The Babe Hit Homers, But Didn’t Give Them Up
When I’m asked who was the greatest baseball player of all-time, I never hesitate in my answer that it was Babe Ruth. For the few people still living who saw Ruth play, they will attest to his skills as not just a great hitter, but an excellent fielder, surprisingly fast base runner (excepting his 1926 World Series blunder) and of course a dominant pitcher.
In 1916 with the Boston Red Sox, Ruth did something that only five other pitchers in the modern era have accomplished. Ruth pitched over 300 innings (324) without allowing a home run. Can you imagine that? Even in the deadball era when home runs were tough to come by, this is still an amazing achievement and one that will likely never be done again.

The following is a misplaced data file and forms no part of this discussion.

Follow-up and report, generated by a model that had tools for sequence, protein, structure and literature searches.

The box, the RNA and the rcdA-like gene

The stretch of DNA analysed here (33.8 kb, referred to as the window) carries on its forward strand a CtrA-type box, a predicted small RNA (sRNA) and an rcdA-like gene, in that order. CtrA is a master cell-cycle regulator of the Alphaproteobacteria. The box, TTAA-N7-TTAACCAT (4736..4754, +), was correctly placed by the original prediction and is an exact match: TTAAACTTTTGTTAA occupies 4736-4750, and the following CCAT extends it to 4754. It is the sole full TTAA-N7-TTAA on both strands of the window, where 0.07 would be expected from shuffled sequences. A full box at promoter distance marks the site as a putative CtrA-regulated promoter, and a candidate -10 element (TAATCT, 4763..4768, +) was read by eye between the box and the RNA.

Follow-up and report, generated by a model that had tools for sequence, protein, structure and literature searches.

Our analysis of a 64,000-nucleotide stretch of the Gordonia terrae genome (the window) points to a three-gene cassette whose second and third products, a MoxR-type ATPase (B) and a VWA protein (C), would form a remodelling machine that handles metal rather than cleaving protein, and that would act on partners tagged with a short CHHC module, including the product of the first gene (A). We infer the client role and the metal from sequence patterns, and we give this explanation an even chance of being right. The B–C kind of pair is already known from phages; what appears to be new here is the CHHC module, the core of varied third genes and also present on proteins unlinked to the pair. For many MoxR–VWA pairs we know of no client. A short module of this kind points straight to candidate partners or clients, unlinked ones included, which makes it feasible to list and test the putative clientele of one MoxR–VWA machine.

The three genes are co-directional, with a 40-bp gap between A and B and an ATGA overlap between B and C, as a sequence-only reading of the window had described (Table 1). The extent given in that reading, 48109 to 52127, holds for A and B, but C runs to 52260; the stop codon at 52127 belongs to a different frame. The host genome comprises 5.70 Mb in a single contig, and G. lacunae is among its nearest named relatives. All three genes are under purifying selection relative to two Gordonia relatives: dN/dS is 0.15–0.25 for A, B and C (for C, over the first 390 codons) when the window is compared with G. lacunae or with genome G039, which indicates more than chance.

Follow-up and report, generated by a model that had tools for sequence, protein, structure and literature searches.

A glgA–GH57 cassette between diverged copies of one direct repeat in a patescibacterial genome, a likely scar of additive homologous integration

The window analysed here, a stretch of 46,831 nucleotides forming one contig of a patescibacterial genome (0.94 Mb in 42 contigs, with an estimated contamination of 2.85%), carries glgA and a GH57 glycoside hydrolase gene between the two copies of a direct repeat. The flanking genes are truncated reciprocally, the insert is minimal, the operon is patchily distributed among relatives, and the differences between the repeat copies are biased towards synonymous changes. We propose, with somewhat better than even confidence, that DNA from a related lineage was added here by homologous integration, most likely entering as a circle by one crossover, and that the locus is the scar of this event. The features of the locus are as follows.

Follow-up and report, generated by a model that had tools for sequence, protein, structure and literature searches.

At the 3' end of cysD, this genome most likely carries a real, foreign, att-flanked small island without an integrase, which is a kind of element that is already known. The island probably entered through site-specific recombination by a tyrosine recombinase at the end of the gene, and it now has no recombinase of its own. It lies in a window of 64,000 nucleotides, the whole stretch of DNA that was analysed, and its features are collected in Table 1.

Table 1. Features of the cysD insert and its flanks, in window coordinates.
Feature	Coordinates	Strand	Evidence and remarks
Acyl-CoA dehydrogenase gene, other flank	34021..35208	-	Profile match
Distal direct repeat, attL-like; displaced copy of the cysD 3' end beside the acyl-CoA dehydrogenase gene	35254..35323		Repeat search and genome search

Starting pitchers today do not come close to pitching 300 innings, let alone not give up homers. The last pitcher to go more than 300 innings was Steve Carlton with the Philadelphia Phillies in 1980 when he pitched 304. He gave up 15 home runs by the way.
The other pitchers to not allow a home run in a season with at least 300 innings pitched are Walter Johnson (1916) 369.2 innings; Jack Coombs (1910) 353 innings; Ed Killian (1904 and 1905) 331.2 and 313.1 innings; Vic Willis (1906) 322 innings and Rube Vickers 1908) 317 innings.
In 1916, the twenty-one-year-old Ruth was 23-12 and led the league with 40 games started, a 1.75 ERA and nine shutouts. For his career, Ruth allowed only 10 home runs in 1222.1 innings.